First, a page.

AWS - CMWS:2005

Certified welding supervisor manual for quality and productivity improvement

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Organization: AWS
Publication Date: 1 January 2005
Status: inactive
Page Count: 446
ICS Code (Welding, brazing and soldering in general): 25.160.01
ISBN (print): 0-87171-029-3

process, welding supervisors hold a unique position. To begin to understand the welding supervisor and his duties, it is important to understand his unique position. Most companies have supervisors. They may be called team leaders or managers, but their role is the same. A supervisor provides workers their assignments, makes sure they have the tools, materials, and training to do their work, provides support, and monitors them throughout their work shift. The result of effective supervision is each worker is efficient and produces only quality work. With effective supervision, production workers achieve higher levels of productivity and quality. With the day-to-day pressures of getting production out, how a supervisor should function and the results expected are lost. In many production environments, supervisors, including welding supervisors, are expediting parts, chasing paperwork, filling out unnecessary reports, and performing other nonsupervisory duties, which take them outside of their assigned department. This leaves production workers unsupervised for long periods of time. This results in lack of communication and support, leaving welders with the feeling that they are on their own. Problems that they encounter must be handled with the hope that the results will be acceptable. In many cases, welding supervisors have limited understanding of the technical aspects of welding and, therefore, are unsure of their ability to provide direction and support to the welders. This situation has unwittingly limited the amount of daily support the welder receives. Company management may not realize the detrimental affect when welding supervisors are not properly trained or assigned to perform essential duties, which can lead to improved quality and productivity on each shift. Any training course for welding supervisors should address a welding supervisor's need both for technical and managerial training to develop the skills to perform his job in the most professional manner. This leads to improved results in both quality and productivity. This Certified Welding Supervisor Manual for Quality and Productivity Improvement recognizes that the welding supervisor has an important role in the operations of any company that does welding. To fully understand and appreciate his role, the supervisor must first understand some of the different management systems currently used by manufacturing companies. The management systems used by companies are numerous and varied. To maintain a manageable review of these systems, this manual will consider only those systems that are most widely used and have the most impact on welding operations. The systems that will be reviewed are: 1. No System-System. Some companies do not have a comprehensive management system, but instead follow an undocumented "way of doing things." Their No System has evolved over the time that the company has been in existence. This system exists in a wide variety of companies and may describe the approach used in your company. 2. Lean Manufacturing. This management system brings a variety of techniques and tools to all types of manufacturing companies, including welding companies. Lean Manufacturing is a broad-based management system that has been designed for all types of manufacturing environments. The primary focus of Lean is to reduce or eliminate waste or non-value added steps in all processes, including design, administration, and sales. 3. Total Quality Management (TQM). This is a management system that focuses on all the measures necessary to meet the quality requirements of a customer. This system has evolved over many years and is manifested in a number of different ways. TQM is a system that extends beyond manufacturing and incorporates all functions involved in assuring that the customer gets the quality product or service that he expects. 4. Total Welding Management© (TWM).1 Total Welding Management is an approach to improving welding operations that uses the Barckhoff Welding Management System© and The Barckhoff Method©2 to focus on the critical company functions, key results areas, and welding goals to achieve improved quality and productivity. It was developed for companies that do welding, but has been successfully applied in other production environments. A principle of TWM is to align the organization to serve the welder with the tools needed to achieve consistently high levels of quality and productivity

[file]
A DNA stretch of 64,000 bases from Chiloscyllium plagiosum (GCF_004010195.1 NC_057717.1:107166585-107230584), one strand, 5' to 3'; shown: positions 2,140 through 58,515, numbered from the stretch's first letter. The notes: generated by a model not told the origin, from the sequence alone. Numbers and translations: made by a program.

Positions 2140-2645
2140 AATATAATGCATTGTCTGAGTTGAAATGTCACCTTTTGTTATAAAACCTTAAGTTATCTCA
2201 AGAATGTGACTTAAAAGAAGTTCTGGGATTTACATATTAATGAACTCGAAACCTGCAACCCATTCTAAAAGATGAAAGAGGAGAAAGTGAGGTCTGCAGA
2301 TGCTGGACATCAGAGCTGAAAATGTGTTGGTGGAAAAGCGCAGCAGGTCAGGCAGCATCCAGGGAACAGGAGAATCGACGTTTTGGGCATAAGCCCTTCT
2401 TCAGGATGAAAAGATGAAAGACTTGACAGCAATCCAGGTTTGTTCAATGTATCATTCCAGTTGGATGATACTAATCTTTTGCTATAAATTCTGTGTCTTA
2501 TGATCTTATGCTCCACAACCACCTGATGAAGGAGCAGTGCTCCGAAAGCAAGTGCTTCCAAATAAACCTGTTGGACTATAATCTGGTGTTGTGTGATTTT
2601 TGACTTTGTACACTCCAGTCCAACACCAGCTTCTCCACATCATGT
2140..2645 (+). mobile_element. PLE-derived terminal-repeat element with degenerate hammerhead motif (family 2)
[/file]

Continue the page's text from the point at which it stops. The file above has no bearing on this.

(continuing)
Indispensable self-study guide for the new AWS Certified Welding Supervisor certification examination. Also will appeal to everyone concerned with enhancing productivity in the welding workplace.... View More

Document History

January 1, 2005
Certified welding supervisor manual for quality and productivity improvement
process, welding supervisors hold a unique position. To begin to understand the welding supervisor and his duties, it is important to understand his unique position. Most companies have supervisors....